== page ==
This guy is my new favorite trilobite in my collection. It's Kolihapeltis rabatensis from the Ihandar formation, Kolihapeltis couche (Devonian, Pragian stage)), Jebel Oufatene, Alnif, Morocco. It's a very ornate trilobite that is about three inches (8cm) long. The features that stand out the most are the three long spines that arc over the thorax and originate from each eye and the rear of the glabella. The spines are very delicate and a lot of work has gone into preparing this specimen.The other notable feature is the pygidium which is an oval shaped "shield" that nestles among the spines from the thorax. The presence of this distinctively shaped body part places the trilobite into the Styginidae family which ranks it among similar, and better known, members like Scutellum, Paralejurus and Bumastus. This will be the first member of that Family in my collection.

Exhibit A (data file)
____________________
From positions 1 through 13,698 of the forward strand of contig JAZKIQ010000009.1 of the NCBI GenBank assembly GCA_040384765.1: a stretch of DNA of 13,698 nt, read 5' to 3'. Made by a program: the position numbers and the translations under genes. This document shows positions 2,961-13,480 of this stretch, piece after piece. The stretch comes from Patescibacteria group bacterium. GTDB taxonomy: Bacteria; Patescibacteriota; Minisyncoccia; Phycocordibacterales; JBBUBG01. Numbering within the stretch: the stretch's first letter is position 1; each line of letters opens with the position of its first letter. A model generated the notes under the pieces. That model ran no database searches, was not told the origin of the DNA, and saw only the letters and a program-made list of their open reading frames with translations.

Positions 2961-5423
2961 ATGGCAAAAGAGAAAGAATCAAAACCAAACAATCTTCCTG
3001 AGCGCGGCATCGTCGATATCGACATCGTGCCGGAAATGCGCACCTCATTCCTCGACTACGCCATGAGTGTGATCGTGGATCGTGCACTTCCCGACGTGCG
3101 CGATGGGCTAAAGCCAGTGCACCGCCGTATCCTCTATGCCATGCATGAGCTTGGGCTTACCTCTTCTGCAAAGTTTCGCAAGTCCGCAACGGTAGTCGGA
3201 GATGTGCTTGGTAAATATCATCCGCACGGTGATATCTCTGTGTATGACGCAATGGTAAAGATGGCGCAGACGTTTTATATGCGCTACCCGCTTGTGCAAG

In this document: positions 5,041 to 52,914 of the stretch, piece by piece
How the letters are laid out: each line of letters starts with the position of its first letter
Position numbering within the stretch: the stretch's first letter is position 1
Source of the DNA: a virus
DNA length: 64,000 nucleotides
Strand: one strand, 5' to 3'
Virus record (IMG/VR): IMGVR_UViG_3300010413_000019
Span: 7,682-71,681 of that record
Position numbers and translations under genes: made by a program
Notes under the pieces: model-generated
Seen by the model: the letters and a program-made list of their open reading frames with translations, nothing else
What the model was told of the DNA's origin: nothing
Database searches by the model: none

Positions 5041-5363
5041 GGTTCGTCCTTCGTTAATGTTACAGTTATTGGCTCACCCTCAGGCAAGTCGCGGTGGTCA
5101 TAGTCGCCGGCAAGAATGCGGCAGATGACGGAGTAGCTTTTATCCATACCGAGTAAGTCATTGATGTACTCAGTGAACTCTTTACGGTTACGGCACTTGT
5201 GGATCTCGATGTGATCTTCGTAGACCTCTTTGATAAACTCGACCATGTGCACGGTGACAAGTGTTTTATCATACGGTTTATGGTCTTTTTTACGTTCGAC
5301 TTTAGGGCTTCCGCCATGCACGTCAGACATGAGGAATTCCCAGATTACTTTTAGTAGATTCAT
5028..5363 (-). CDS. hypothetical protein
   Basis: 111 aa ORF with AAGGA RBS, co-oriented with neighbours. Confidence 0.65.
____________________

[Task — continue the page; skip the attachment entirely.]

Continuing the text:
Here is a detail of the pygidium "shield" of the trilobite. Note the faint lines that parallel the edge of the shell. When you see details like this it is good evidence that the trilobite is authentic and not carved or otherwise faked.
More gorgeous details on the cephalon and one of the eye spines. The layered look of the shell on the spine looks similar to that of a human hair as viewed in a Scanning Electron Microscope. The pebbled surface of the cephalon and tiny eye lenses also speak to the expertise that went into preparing the specimen. You can see where the spine broke during preparation and was glued back together. Considering how delicate they are this is not unexpected.